In large cities, up to 70% of inhabitants will have a migrant background in two decades, experts say. Germany will need to attract a “range of nationalities” to keep the “economy stable”.
By 2040, about 35% of Germany’s population will have a migrant background or be a migrant themselves, according to a German migration expert.
Herbert Brücker, who heads the migration research department at the Federal Institute for Employment Research (IAB), told the Welt daily on Monday that Germany “will become more diverse.”
“Currently, about a quarter of the people in German have a migrant background,” Brücker said. “In 20 years, it will be at least 35%, but could also be more than 40%.”
Destatis, Germany’s Federal Office for Statistics, defines someone with a “migrant background” as a person who was not born in Germany or who has at least one parent who is not a German citizen.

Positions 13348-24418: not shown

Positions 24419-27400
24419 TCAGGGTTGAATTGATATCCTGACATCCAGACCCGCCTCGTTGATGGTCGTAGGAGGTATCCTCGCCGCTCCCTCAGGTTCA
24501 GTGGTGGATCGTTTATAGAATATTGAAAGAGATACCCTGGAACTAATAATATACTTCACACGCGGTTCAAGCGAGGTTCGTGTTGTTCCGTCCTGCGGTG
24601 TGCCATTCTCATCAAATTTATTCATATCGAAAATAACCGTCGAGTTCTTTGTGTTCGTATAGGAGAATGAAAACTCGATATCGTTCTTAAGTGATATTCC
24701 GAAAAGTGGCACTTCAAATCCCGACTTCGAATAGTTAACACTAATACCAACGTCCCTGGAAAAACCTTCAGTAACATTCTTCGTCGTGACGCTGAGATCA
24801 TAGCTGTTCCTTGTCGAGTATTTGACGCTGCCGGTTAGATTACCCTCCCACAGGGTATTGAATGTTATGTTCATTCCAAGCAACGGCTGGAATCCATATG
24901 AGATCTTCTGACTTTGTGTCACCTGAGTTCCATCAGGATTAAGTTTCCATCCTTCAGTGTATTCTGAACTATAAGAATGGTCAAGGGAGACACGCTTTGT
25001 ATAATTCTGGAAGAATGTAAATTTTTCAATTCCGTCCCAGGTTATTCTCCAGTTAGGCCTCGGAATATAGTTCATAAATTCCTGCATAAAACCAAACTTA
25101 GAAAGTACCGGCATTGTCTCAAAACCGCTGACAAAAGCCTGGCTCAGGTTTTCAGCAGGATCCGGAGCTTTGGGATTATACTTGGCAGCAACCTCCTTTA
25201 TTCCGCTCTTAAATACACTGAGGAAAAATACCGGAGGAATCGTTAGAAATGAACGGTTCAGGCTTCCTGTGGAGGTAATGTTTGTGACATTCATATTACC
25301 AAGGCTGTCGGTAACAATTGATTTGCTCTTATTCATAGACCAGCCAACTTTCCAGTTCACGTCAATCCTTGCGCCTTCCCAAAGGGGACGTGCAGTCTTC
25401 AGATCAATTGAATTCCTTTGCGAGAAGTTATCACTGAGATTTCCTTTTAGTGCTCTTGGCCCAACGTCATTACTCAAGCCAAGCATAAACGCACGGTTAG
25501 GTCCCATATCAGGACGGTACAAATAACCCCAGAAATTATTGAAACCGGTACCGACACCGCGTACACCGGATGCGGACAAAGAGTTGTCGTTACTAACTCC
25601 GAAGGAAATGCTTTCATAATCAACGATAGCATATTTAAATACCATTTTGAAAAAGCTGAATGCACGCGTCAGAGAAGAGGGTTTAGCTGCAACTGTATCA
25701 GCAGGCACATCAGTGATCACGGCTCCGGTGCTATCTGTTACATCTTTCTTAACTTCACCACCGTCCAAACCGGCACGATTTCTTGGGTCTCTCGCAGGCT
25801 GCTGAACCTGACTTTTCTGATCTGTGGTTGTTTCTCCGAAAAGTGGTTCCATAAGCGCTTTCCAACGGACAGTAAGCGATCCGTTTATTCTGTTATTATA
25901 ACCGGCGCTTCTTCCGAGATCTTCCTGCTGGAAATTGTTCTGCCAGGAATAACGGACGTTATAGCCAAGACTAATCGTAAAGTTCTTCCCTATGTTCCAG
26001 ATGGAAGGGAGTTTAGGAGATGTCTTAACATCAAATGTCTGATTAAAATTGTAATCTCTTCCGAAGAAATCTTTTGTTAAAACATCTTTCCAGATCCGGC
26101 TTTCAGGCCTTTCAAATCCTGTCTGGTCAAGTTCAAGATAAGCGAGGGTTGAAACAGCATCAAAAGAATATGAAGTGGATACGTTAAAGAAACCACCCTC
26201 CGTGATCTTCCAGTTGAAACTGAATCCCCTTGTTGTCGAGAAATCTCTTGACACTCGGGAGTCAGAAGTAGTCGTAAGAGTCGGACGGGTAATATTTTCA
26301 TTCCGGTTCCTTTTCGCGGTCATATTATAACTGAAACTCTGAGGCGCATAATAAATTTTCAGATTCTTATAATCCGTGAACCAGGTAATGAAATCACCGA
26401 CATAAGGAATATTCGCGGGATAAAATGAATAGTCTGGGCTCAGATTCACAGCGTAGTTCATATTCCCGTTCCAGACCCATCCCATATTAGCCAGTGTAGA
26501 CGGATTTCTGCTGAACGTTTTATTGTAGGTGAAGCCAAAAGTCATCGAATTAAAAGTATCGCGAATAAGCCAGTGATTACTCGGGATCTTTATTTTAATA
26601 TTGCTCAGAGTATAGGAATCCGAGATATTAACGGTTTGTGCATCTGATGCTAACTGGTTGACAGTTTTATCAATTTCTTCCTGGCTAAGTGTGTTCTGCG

He noted that in cities, that figure is likely to be higher. “What we see in the big cities today will be normal for the country as a whole in the future,” Brücker said. “In a city like Frankfurt, we’ll have between 65% to 70%.”
More migrants needed
The German economist said that an increasingly diverse population will be crucial to the security of Germany’s economy in the future. IAB figures suggest that Germany requires about 400,000 migrants per year until 2060 to avoid the economy shrinking.
However, the challenge for Germany is to continue to draw highly-skilled migrants to the country. Brücker said Germany would need to open itself up to other countries as the labour pool from southern and eastern European countries is exhausted.
A study published last month suggested that children with a migrant background who obtain a German passport early in life tend to have increased access to opportunity for higher education.
ls/rt (KNA, dpa)/© DW